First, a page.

Tesla (TSLA) is now earning eight times more per automotive than Toyota, they usually are beginning to notice back in Japan.
The list of things that might have led to Tesla’s demise was longer than my arm. For many investors, the sum of money that the corporate was losing was at the highest of that list.
Not only is it not on top anymore, it’s not even on the list.
Over the past two years, Tesla has been capable of consistently deliver profits every quarter with increasingly impressive free money flow, which reached a record of over $3 billion last quarter.
For years, many automotive investors decided to take a position in legacy automakers as a substitute of Tesla because they might deliver hundreds of thousands more vehicles than Tesla and earn a living doing it.
While it’s still true that a few of the biggest automakers, like Toyota, deliver hundreds of thousands more vehicles than Tesla, it’s not true that they necessarily earn more money doing so.
For instance, Tesla reported $3.29 billion in net profit last quarter in comparison with Toyota earning 434.2 billion yen (roughly $3.15 billion USD). That’s despite Toyota delivering almost eight times more cars than Tesla through the same time.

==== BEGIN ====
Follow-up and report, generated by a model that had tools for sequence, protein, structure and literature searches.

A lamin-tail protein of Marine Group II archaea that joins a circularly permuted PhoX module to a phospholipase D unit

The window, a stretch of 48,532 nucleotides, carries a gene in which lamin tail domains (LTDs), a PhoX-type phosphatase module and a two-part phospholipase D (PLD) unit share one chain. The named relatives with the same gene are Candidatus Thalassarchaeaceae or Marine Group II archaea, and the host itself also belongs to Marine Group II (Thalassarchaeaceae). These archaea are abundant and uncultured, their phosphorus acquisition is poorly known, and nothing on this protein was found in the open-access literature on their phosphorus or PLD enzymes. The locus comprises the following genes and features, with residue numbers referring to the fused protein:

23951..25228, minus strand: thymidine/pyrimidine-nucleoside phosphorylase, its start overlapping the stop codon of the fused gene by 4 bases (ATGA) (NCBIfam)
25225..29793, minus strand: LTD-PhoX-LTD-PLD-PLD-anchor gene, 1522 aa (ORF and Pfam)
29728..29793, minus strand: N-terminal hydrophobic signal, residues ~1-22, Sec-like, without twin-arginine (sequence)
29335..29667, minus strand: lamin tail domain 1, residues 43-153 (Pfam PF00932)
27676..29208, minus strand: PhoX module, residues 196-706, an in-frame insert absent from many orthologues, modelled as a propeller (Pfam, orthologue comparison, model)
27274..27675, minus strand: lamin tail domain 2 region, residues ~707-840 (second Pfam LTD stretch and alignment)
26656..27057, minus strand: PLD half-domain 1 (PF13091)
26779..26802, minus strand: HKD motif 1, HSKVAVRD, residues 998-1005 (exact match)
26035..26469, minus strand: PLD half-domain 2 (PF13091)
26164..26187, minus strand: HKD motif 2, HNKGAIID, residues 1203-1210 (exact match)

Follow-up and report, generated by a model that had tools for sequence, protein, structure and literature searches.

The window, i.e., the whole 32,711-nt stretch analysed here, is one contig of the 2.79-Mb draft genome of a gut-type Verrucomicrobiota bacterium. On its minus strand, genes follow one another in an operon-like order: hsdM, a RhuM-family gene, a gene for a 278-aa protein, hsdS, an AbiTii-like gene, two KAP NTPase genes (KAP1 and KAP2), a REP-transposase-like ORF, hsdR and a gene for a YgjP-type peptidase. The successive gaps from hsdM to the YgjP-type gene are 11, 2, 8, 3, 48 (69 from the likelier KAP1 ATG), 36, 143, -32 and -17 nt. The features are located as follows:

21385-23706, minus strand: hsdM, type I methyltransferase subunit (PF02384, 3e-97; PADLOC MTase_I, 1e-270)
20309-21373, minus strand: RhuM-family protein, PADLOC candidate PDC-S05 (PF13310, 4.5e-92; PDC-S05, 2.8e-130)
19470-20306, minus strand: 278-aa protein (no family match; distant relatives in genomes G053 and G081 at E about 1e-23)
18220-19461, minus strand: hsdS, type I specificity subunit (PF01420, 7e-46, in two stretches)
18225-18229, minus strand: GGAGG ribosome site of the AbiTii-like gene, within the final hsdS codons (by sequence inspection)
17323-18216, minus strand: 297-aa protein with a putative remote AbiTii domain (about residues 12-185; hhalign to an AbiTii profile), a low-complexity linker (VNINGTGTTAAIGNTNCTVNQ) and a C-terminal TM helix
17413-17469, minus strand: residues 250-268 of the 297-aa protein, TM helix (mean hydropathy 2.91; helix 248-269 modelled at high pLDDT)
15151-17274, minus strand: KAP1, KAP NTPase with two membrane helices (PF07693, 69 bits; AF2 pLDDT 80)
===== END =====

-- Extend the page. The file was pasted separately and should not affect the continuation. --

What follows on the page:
This milestone of Tesla beating Toyota in earnings during 1 / 4 is particularly impressive once you consider that only a decade ago, Toyota owned about 3% of Tesla with only a $50 million investment. Now Tesla generates $50 million in free money flow almost every other day.
Toyota divested and completely cut ties with Tesla in 2017.
While Toyota remains to be only tentatively entering the battery-electric vehicle space, persons are beginning to see times changing in Japan because the Nikkei, the country’s biggest business newspaper, led with “Tesla earns 8 times more profit than Toyota per automotive.”
While it’s making waves in Japan, it looks like the Japanese auto industry might still have their head within the sand.
That’s partly because Tesla beating Toyota on earnings is partially as a result of the latter seeing earnings go down as a result of “increased material and electricity costs for its suppliers.”
But personally, I believe the trend of Tesla catching as much as Toyota’s earnings is likely to be one that may keep going. To me, it’s so simple as one producing compelling all-electric vehicles in large volumes while the opposite isn’t.
Now that trend may not currently be reflected in Tesla’s stock price, but that’s one other story entirely.